Monthly Archives: October 2020

Stop worrying about short term performance

Stop worrying about short term performance

 

As a financial advisor I see the financials of people from all walks of life. I see some people who have had amazing financial success. I also see people who are on the verge of bankruptcy.

 

There are always striking similarities between the various different people we work with. The one I want to write about today, is how often people focus on their short term investment performance, rather than focusing on the long term.

 

Short and long term investing

 

As I write this, we are a week away from a U.S presidential election. By all accounts it will drastically shift the way the world works depending on its results. Nearly every conversation or phone call I have with clients is them wanting to know how their investments will perform over the next 2 weeks to 6 months.

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Why the rich pay lower tax rates

Why the rich pay lower tax rates

 

In case you haven’t heard, the rich get far more tax breaks then middle class Canadians. The problem is twofold, that tax deductions are based on your marginal rate, and how different sources of income are taxed differently.

 

Neither of these seem fair to most people, but it’s not my job to decide on what is fair and what isn’t. Rather my job is to understand it and educate anyone willing to listen.

 

To start, let’s look at why the rich get better tax deductions.

 

When you deduct anything off of your taxes, it saves you tax based on what your marginal tax bracket is. What this means is that someone who earns $70,000 will save 28.20%. While someone who earns over $220,000 will save 53.50%.

 

Let’s just assume Bob earns $70,000 and Sarah earns $220,000. They both have $10,000 in deductions they are going to claim on their taxes. Bob’s claim of $10,000 saves him $2,820 in taxes, while Sarah’s claim saves her $5,350 in taxes. Whatever deduction you have, saves you taxes based on your marginal tax bracket. Since Sarah is paying higher tax on her income, she also saves more by reducing her income through a deduction.

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RESPs, How do they work?

 

If your goal is to save to help a child get an advanced education, there is no better method than the RESP.

 

The RESP, or Registered Education Savings Plan, is a tax-deferred investment account that the government will deposit grants into based on your contributions and income.

 

 

That sounds great, but it may not make sense to everyone, so I’ll explain it a bit better.

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LEM: Labour Expense Multiplier

Labour Expense Multiplier

 

There are four primary issues in our economy which contribute to a continual rise in inequality:

 

  1. The global supply of cheap foreign labour, resulting in the outsourcing of jobs from developed nations to developing nations.
  2. How our current tax structure rewards investment and discourages the hiring of and desire to perform labour.
  3. The global race to the bottom in corporate tax rates.
  4. The rise in automation and replacement of labour.

It is my belief, that the following new expense multiplier can alleviate all four of the primary issues above.

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Sequence of returns risk, what is it and how to manage it?

Sequence of returns risk can certainly be a retirees worst nightmare. Completely out of your control, and at the whims of the market.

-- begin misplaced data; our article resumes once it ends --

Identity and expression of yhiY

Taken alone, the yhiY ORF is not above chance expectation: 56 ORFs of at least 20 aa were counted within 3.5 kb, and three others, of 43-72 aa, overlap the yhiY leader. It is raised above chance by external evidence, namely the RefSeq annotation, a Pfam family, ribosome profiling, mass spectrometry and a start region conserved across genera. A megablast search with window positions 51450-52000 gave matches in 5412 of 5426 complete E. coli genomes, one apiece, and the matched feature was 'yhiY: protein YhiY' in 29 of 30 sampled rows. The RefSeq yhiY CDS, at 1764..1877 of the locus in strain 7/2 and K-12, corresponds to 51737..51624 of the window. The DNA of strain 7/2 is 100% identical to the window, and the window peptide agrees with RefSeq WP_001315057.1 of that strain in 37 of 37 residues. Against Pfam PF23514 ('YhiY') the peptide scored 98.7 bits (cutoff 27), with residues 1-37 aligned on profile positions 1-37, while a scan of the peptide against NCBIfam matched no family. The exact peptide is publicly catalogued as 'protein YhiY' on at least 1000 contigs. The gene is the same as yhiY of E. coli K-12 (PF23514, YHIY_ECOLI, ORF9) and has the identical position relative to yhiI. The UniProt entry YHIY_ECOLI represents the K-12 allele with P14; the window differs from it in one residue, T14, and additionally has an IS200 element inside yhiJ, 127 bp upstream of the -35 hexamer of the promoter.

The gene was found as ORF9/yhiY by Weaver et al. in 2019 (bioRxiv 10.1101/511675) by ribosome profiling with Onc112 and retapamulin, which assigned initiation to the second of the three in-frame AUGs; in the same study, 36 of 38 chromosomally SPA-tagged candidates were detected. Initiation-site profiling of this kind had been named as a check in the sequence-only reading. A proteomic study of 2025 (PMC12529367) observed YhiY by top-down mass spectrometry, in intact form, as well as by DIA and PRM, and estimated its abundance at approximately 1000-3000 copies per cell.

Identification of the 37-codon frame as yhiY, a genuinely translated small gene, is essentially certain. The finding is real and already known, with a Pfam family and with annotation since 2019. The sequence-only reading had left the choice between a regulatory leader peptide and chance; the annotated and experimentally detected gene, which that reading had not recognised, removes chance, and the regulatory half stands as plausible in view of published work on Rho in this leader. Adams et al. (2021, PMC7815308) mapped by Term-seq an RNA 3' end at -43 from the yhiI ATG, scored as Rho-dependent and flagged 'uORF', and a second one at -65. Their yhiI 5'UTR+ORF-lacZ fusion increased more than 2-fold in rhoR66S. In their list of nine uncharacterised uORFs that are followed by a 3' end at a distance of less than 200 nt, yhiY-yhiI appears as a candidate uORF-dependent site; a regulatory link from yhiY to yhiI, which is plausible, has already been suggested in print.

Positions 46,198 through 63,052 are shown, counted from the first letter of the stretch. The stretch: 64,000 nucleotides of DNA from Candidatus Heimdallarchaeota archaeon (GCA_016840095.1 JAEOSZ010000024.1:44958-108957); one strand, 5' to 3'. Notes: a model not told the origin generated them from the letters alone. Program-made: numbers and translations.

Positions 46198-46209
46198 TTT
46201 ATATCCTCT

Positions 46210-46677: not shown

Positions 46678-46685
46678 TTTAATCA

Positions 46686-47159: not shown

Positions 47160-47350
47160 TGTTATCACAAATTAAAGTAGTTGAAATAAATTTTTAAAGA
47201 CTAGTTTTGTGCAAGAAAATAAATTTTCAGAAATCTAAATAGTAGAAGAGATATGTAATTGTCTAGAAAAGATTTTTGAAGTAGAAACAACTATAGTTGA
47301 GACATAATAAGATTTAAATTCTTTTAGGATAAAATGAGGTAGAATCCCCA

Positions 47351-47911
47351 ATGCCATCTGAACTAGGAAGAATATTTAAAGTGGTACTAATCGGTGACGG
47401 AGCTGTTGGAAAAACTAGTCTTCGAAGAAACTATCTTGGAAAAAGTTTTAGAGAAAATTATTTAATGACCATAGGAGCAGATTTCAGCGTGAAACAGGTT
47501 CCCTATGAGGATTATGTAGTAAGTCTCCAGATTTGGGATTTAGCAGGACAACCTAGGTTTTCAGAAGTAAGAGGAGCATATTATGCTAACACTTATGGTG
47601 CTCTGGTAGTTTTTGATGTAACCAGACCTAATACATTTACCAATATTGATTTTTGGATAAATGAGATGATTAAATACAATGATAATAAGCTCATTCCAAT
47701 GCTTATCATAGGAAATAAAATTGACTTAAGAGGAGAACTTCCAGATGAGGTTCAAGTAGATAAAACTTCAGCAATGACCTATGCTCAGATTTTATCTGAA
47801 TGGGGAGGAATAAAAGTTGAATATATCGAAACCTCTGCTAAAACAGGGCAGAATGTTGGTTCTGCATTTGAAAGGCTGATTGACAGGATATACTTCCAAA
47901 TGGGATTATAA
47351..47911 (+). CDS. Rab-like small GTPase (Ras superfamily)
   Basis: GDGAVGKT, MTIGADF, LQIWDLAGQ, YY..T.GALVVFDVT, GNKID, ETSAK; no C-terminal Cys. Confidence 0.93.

To recap: sequence of returns risk is a portfolio risk that is based on the order of your returns, rather than your average return when in the decumulation phase of your investment strategy. You see, if you aren’t withdrawing, the order of your returns makes no difference, but if you are withdrawing the order of your returns makes a massive difference.

 

Let’s look at 4 simple examples. Each portfolio with $100,000 and averages 4.75% over the three yer period. The first will have no withdrawals and have bad returns first, the second will have no withdrawals and have good returns first. The third will have bad returns first with $10,000 per year withdrawn at the end of each year. The fourth will have good returns first with $10,000 per year withdrawn at the end of each year.

 No Withdrawals, Bad Returns First:

 

Table showing returns over the years

 

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Emotional Capitulation and Your Investments

 

We all know that investments go up and they go down. The problem is how we handle the emotional roller coaster of watching our investments decline in value. As I am nowhere near qualified to act as a psychologist, my thoughts and ideas are my own as to why this happens. I base this on having watched hundreds of clients experience this dilemma and have even experienced it myself multiple times.

 

Everyone’s heard of the fight or flight response. It’s that fear response that picks up any time we feel threatened. This can be a physical threat, emotional threat, or in this case a financial threat.

 

When you see your investments going down in value, this fight or flight response kicks in. We have this instinctive reflex to try to avoid as much pain as possible. Our emotional response is to try to do something, sometimes anything, when the rational and logical strategy would be to simply stay put.

 

It’s why we move on from underperforming investments at the worst times and chase the high flyers even though we know we should never sell low and buy high. It’s why when the market is plunging we desperately attempt to time the market and sell out as it’s falling, with an illogical hope of timing the bottom and buying back in.

 

 

Then what can we do about it, and how do we avoid it?

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